PAUL I ° (1754–1801), emperor of Russia, son of Catherine ii and Peter iii; ascended the throne in 1796. His decrees concerning the Jews testify that he acted tolerantly toward them. The dispute between Christians and Jews in *Kaunas (Kovno) which continued for decades, was settled by the decree that the Jews be allowed to remain in the city and that no obstacles be placed in their way in following their trades and handicrafts. Paul I also opposed the expulsion of the Jews from *Kamenets-Podolski and *Kiev.
During the discussion, at the end of the 18th century, between the *Courland authorities and the Senate which took an extremely negative stand toward the Jews, Paul i asked Baron Heiking to handle the problem. On Heiking's advice, the privilege of citizenship to the Jews of Courland was granted on March 14, 1799, and thus also municipal rights. The czar opposed G.R. *Derzhavin's advice to question the validity of the oath of the Jews before the courts. In addition, Paul i took a stand in the struggle between the *Ḥasidim and *Mitnaggedim by liberating the head of the former, *Zalman Shneur of Lyady, and he rejected all *blood libel accusations leveled against the Jews.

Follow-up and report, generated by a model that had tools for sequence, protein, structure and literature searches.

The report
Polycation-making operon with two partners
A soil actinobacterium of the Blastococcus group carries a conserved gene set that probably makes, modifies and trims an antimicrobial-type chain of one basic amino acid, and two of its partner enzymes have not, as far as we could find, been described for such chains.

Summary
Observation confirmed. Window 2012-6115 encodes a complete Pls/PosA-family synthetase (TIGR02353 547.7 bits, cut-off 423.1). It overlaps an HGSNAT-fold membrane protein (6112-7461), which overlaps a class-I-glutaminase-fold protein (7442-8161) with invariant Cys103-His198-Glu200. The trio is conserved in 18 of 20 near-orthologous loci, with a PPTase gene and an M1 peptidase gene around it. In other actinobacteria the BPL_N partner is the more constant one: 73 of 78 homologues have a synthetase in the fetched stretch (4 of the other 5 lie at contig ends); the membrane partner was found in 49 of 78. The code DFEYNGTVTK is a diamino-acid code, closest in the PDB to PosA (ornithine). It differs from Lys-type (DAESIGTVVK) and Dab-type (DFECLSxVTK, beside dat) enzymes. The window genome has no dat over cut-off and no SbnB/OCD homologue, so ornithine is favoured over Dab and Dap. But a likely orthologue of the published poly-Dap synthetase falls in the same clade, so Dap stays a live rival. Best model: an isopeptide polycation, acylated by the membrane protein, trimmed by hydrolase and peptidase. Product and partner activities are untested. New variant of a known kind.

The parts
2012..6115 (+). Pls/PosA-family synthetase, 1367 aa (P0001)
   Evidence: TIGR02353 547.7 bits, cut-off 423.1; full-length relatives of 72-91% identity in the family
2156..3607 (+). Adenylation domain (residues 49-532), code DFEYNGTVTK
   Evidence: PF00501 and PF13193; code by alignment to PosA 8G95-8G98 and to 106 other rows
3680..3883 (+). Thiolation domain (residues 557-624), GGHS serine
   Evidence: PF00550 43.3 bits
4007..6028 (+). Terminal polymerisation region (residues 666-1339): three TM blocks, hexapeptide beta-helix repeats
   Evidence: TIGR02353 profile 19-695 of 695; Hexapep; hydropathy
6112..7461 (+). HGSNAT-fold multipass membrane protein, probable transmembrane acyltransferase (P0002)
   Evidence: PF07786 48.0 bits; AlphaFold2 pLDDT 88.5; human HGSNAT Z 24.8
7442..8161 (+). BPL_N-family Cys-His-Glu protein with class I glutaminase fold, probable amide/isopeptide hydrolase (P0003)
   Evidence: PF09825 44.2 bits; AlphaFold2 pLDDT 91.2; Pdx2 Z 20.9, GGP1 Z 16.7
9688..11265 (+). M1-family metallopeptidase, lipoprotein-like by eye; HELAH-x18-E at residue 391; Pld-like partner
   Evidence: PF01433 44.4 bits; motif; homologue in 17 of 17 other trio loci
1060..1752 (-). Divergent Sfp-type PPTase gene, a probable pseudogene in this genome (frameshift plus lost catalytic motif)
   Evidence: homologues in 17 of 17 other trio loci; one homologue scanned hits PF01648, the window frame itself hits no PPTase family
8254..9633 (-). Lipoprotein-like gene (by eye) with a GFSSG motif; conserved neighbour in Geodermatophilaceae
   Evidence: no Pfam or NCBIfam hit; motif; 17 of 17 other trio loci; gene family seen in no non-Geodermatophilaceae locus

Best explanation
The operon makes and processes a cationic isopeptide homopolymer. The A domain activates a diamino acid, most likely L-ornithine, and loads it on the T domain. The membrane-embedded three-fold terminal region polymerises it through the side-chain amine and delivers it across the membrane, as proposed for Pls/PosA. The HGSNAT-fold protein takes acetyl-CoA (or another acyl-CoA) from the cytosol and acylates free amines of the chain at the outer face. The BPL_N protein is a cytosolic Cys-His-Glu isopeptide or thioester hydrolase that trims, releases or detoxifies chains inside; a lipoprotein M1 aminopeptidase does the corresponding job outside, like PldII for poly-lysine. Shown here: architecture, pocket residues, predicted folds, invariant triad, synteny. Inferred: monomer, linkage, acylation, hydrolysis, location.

Paul's policy toward the Jews was at first a continuation of Catherine's policy to develop craftsmanship and trade, but in the few years of his reign Paul made numerous concessions to the aristocracy which resulted in the imposition of many restrictions upon the Jews. Paul i was murdered in 1801 before he had time to examine the proposals of Senator Derzhavin's report, containing 88 slanders against the Jews, but they were taken up by his successor, Czar *Alexanderi, who made them the foundation of his Jewish legislation.
I. Gessen, Yevrei v Rossii, 1 (1916), 201–7; Dubnow, Hist Russ, 1 (1916), 321–34: R. Mahler, Divrei Yemei Yisrael – Dorot Aḥaronim, 3 (1955), 116–29.